Trump Organization Cancels Anti-Muslim Group’s Upcoming Mar-a-Lago Event

first_imgThe Trump Organization on announced Sunday that it has canceled a November fundraiser at Mar-a-Lago for ACT for America, an anti-Muslim extremist group that has more than one million members.Amanda Miller, a spokesperson for the Trump Organization, says, “This group absolutely will not be hosting their event at Mar-a-Lago.”She did not immediately provide any additional details, such as who at Mar-a-Lago had approved the November 7 event.News broke earlier during the weekend that ACT was planning to host its annual fundraiser at President Trump’s private club. The group is known as the largest anti-Muslim organization in the United States.This is a developing story.last_img read more

Elaine Ratcliffe to captain GB&I Curtis Cup team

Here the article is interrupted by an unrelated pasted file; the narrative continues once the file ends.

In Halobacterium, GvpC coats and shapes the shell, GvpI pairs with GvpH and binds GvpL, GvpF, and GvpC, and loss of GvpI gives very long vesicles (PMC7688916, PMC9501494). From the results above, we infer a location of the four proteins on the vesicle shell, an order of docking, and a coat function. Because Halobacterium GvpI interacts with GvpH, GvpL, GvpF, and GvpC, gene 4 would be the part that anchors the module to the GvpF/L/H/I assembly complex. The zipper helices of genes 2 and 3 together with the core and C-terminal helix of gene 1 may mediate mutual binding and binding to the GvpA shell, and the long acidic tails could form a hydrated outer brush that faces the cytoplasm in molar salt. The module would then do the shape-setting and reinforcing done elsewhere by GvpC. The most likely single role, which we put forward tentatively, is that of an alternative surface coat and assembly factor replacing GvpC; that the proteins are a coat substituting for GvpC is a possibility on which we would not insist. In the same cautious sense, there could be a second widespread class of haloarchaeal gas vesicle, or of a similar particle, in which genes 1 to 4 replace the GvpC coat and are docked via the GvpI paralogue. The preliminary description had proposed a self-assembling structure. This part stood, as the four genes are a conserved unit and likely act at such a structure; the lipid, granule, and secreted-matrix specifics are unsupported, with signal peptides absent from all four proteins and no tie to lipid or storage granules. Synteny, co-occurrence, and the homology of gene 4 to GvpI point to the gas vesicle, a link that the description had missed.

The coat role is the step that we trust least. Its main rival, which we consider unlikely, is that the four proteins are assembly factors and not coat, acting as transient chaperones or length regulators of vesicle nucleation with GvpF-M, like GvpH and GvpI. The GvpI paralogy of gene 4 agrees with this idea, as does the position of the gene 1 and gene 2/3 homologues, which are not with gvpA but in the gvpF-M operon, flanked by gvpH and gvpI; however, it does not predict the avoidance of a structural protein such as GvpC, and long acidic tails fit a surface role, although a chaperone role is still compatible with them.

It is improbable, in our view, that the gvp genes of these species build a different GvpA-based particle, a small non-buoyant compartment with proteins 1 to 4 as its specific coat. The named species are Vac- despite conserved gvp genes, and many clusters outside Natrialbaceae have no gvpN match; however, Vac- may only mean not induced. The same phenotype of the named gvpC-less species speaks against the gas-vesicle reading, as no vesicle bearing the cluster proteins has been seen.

first_img England’s Elaine Ratcliffe has been appointed as the new captain of the Great Britain and Ireland Curtis Cup team for the 2020 match.She will also lead the teams in the Vagliano Trophy and the Astor Trophy in 2019.Ratcliffe, who hails from Sandbach in Cheshire but is now based at Essendon, Essex, had a top-class amateur career as a player, winning the English and Finnish championships.She was a member of the winning GB&I teams which defeated the United States in the 1996 Curtis Cup at Killarney, and the Continent of Europe in the 1997 Vagliano Trophy. Ratcliffe also represented GB&I as a player in the world championship Espirito Santo Trophy and England in the European Amateur Team Championships. After turning professional, she was named Rookie of the Year by the Ladies’ European Tour in 1999 but was reinstated as an amateur in 2008.Image copyright Getty ImagesShe has since captained England in a number of international matches, including the Women’s Home Internationals and the European Amateur Team Championships, and has twice led the European team in the Patsy Hankins Trophy against Asia-Pacific.“It is a real honour to be appointed captain of Great Britain and Ireland and I am looking forward to the challenge of preparing the team for the forthcoming international matches in 2019 and 2020,” said Ratcliffe.“There are a number of amateur events to be played over the coming months and we will be monitoring the performances and results of golfers from Great Britain and Ireland to determine who has played their way into contention for team selection next year.”Ireland’s Maria Dunne has also been confirmed as the new GB&I captain for the Junior Vagliano Trophy match against the Continent of Europe at Royal St George’s in 2019.As a player, Dunne featured as a member of the GB&I team which beat the US to win the Curtis Cup in 2016 and also played in the Vagliano Trophy against the Continent of Europe at Circolo Golf Bogogno last year. Tags: Curtis Cup, GB&I 4 Sep 2018 Elaine Ratcliffe to captain GB&I Curtis Cup team last_img read more